But after I rebuild the light, the samples move to the positions like on the screenshot in my previous message. Still 1,5 m apart, but not in the positions I want them to be.
The engine doesn’t seem to like the samples to be inside geometry, so it tries to move it in a way to have as little samples as possible clipping into something. In this case, that means that it moves all of them (the grid they are lined up to) 20 cm to the side to avoid colliding with my tileset.

I think you are sort of misunderstanding.
Not really your fault as much as how UE4 works.

If you place the wall at a 1.5m intersection, you will cause the grid to shift.
If you were to place the wall at .75 of that (so exactly in the middle) then it might still get the grid to adjust, but it should have the samples split correctly left and right (provided the wall isn’t 1.5 meters wide)

@Arkiras Correct me if I’m wrong.

I tried moving the level around. The samples move and assume the same positions relative to the level every time I rebuild the light.

If you move the whole thing, that does make sense.
What about just the individual wall though? Does moving that to a value that falls at half the value of the volumetric lightmap cause it to shift - or does it render properly?
It works for me, but I have the value set to 1m…

Well that would defeat the whole point of tileable geometry, wouldn’t it? :smiley:
It’s easier to just use “light blockers” as I’ve mentioned before… I was just curious if there’s a better way of handling it than fiddling around with geometry and rebuilding light until a miracle happens.

… If you need to build lights, or use LPV, not really.
Most of us use full dynamic.

Some use the Loushang lightmass.

The engine also added a derivation of this on which apparently Loushang has been hired to work on. IDK. read the thread.
IF you need to bake, that’s probably your best bet…

  1. With regard to probe placement, as far as I know the VLM positions itself with your lightmass importance volume (for GPU lightmass I assume it just uses the level bounds maybe?) so if you move the lightmass importance volume, the probe positions will change. But if you are just moving walls around the grid should stay fixed (again… AFAIK)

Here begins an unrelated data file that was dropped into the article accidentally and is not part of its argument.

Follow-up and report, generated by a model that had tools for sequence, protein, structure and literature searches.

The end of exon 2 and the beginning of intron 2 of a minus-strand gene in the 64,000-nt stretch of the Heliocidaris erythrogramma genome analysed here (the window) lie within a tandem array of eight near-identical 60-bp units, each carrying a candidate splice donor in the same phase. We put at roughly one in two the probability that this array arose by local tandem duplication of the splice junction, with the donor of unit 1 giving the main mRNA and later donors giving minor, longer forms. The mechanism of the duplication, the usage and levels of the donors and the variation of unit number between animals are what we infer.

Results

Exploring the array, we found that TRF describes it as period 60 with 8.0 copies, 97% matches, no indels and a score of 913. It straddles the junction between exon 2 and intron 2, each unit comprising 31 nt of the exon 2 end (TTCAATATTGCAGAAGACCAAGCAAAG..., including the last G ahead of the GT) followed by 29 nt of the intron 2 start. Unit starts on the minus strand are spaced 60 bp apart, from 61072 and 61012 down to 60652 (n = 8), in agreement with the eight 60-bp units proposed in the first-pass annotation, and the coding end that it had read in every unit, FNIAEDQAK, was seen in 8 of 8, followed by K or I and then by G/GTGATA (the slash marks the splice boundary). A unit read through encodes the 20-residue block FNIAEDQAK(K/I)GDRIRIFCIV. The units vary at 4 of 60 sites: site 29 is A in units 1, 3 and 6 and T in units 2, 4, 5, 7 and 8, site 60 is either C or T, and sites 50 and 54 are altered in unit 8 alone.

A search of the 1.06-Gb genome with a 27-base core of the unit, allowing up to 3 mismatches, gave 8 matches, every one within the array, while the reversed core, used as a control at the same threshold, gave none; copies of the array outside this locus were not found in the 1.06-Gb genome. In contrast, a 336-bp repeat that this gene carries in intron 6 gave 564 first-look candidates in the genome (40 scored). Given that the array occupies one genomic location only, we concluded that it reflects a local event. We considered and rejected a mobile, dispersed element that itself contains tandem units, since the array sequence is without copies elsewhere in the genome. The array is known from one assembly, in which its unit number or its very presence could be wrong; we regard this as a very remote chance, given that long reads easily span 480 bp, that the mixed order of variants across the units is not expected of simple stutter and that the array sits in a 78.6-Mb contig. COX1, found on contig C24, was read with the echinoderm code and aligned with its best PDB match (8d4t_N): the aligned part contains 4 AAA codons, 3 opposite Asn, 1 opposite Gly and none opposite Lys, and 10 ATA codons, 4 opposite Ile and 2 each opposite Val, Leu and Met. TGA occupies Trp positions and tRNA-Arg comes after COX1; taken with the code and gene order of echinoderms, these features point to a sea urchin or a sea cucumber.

2. I have found that ideally you should be placing walls directly between probes in order to minimize the light leakage. It’s not perfect though

  3. Did you try switching the volumetric lighting method to sparse volume samples as I posted above? I find it handles occlusion better in some cases.

Honestly, light leaking is a plague on gamedev. Most games have to deal with it in some form or another and historically the solutions have been to design around it, using things like thicker walls, quarantining the player from leaky areas, placing darkly lit areas far away from lit areas, etc… Some games even make their dimly lit interiors completely separate levels from their exteriors and hit the player with a loading screen.

If you manage to come up with something better I would love to hear it, I’ve sunk a lot of time into dealing with this problem but I wasn’t able to come up with anything better than the time tested “make it thick” strategy.

Newer games have come up with some interesting solutions for handling various kinds of leaks but usually they require artist intervention, such as manually placing additional probes and occluders. Epic in general doesn’t seem to be big on solutions that create more work for artists/designers.

@MostHost_LA mentioned this solution, and when I tried it didn’t work. I must’ve messed something up. Because I tried moving the whole level again to better line up with probes, and this time it went fine.
I must’ve accidentally moved the lightmass importance volume with the level the last time.
Still not perfect, but waaay better than it was before.